3. was superfluous.
4. Martin Luther King and Malcom X were leaders of
  1. African-American communities.
  2. Black History Month.
  3. the Civil Rights movement.
5. African-American actor Morgan Freedman
  1. criticized Black History Month positively.
  2. indirectly agreed with Woodson.
  3. criticized the Civil Rights movement.
6. Black Lives Matter is
  1. the new name for Black History Month.
  2. a political party.
  3. a movement that shares Black History Month’s concerns.
7. Black Lives Matter activists believe that
  1. it’s important to protest against injustice.
  2. racism belongs to the past.
  3. African-Americans are not the victims of discrimination.
8. The film Black Panther
  1. is a Black History Month event.
  2. came out during Black History Month.
  3. was directed by Frederick Joseph.
9. Black Panther has been praised because
  1. it promotes positive African role models.
  2. it is a blockbuster with a mega-budget.
  3. it has an African-American director.
10. Fredrick Joseph believes that black children
  1. should go to the cinema.
  2. should contribute to GoFundMe campaigns.
  3. should be exposed to black fictional role models.
  VOCABULARY 2) Complete the sentences with the following words. to accomplish * observance  *  portrayal  *  awareness  *  to relegate  *  segregation  *  heir  *  paramount  *  resilience  *  screenwriter 1. A ______ is a person who writes the script of a film. 2. The act of celebrating a special occasion is called an ______. 3. Her lecture gave a very good ______ of recent American history. 4. Public ______ on this topic is very limited: people know little about it. 5. In the past, women were wrongfully ______ to the role of second-class citizens. 6. ______ is the forced separation of a group of people from the rest of society. 7. He is the ______: he will become king when his father, the current king, dies. 8. I feel that social justice is ______. Nothing is more important. 9. The Civil Rights Movement ______ many of its objectives. 10. She recovered quickly from a tough situation. She has great ______.   GRAMMAR – Demonstratives 3) Complete the following sentences with demonstratives (this, that, these, those). Then indicate whether they are demonstrative pronouns (DP) or demonstrative adjectives (DA). 1. At the beginning of the 20th century, segregation was a brutal reality. ______ were hard times for African-Americans. (DP/DA) 2. Martin Luther King won the Nobel Peace Prize. ______ was an important event in the history of Civil Rights. (DP/DA) 3. Martin Luther King and Malcom X were assassinated. ______ events mark a dark chapter in American history. (DP/DA) 4. Look here. ______ are pictures of Civil Rights demonstrations. (DP/DA) 5. ______ poster over there lists the celebrations of this year’s Black History Month. (DP/DA) 6. Come here and meet ______ activists. (DP/DA) 7. ______ GoFundMe campaigns raised a lot of money. (DP/DA) 8. You are putting words in my mouth. ______ is not what I said! (DP/DA) 9. ______ is the director of Black Panther. (DP/DA) 10. ______ film is great. I’m really enjoying it! (DP/DA)   SHORT ESSAY 4) Carter G. Woodson believed that teaching African-American contributions to American history was an antidote to prejudice and racism. Reflect and explain why you think he believed this. (60-80 words) 5) Novels, films and other works of art can change our understanding of the world around us. Write about a work of art that changed your view on something important. (60-80 words)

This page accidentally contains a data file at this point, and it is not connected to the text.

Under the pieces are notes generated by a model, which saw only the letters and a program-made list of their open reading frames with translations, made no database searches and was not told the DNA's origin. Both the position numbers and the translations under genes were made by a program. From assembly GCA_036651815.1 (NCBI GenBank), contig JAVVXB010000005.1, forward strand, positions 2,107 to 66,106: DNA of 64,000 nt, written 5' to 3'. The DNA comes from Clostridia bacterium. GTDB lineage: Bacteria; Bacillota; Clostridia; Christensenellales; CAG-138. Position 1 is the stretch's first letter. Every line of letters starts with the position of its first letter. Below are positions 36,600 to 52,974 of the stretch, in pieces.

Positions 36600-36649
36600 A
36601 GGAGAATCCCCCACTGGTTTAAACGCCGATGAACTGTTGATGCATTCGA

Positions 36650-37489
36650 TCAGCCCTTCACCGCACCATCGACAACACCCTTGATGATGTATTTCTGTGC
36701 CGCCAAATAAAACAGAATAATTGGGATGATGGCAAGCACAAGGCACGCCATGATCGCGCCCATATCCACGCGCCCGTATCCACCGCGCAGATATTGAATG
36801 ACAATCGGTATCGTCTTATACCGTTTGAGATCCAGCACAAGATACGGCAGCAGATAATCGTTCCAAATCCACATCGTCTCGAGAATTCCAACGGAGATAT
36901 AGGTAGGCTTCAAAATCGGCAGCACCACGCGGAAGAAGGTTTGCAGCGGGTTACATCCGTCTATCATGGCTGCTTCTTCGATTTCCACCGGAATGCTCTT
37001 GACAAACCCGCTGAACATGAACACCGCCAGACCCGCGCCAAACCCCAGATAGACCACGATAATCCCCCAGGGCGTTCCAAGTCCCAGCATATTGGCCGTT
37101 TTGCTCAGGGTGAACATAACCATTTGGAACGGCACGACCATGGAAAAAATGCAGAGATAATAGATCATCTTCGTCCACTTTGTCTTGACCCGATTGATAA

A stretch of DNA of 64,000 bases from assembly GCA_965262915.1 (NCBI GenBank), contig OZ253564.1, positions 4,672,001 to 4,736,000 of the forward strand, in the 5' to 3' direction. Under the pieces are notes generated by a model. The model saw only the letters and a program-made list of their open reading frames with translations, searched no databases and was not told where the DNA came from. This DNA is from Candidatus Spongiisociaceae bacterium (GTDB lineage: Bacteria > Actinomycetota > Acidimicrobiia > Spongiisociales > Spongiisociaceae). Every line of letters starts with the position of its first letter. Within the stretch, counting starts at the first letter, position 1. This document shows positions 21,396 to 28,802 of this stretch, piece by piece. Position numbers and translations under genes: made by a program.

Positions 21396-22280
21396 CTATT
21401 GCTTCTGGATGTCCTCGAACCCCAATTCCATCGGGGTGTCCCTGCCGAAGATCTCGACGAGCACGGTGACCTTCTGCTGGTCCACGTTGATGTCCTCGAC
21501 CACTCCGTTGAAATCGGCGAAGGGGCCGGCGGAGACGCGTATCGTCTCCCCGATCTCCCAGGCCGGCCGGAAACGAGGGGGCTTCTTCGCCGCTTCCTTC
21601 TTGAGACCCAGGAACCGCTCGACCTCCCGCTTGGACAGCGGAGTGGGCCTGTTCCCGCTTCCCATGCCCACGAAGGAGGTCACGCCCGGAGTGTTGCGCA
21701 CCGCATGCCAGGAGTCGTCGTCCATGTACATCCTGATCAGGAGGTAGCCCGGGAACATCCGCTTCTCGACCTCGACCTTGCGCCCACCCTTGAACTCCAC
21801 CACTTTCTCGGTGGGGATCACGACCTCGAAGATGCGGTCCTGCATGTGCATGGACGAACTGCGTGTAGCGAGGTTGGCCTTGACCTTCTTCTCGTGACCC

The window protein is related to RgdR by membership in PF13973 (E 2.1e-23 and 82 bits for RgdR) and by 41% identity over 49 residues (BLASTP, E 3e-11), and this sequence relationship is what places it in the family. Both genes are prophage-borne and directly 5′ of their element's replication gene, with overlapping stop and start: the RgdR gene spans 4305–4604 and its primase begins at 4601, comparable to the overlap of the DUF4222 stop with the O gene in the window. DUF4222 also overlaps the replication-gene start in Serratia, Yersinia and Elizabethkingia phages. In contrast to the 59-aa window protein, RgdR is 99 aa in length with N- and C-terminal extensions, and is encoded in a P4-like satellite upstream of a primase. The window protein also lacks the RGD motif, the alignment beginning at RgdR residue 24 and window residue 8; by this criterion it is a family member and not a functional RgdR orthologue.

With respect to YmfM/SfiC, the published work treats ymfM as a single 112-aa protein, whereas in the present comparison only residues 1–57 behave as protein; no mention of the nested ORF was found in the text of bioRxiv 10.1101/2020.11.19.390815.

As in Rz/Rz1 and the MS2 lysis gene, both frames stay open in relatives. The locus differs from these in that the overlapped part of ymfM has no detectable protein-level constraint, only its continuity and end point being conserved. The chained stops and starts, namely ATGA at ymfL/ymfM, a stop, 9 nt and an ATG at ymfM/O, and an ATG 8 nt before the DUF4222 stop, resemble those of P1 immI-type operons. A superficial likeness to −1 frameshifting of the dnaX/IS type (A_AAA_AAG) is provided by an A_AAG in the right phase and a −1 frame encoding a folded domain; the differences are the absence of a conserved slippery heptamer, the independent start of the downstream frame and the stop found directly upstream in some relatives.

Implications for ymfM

(Carlo Dellonte) (Image credits: Wikipedia and Wikipedia)         [post_title] => Black History Month [post_excerpt] => Black History Month, celebrated in February, promotes African-American heritage and history. Established more than 90 years ago, it has played an important role in the Civil Rights of the 1950s and ‘60s. Today its message is echoed in the Black Lives Matter movement, and this year in a Hollywood film: the superhero blockbuster Black Panther. [post_status] => publish [comment_status] => open [ping_status] => open [post_password] => [post_name] => black-history-month [to_ping] => [pinged] => [post_modified] => 2018-05-15 10:53:52 [post_modified_gmt] => 2018-05-15 08:53:52 [post_content_filtered] => [post_parent] => 0 [guid] => http://aulalingue.scuola.zanichelli.it/?post_type=planet-english&p=13786 [menu_order] => 0 [post_type] => planet-english [post_mime_type] => [comment_count] => 1 [filter] => raw ) )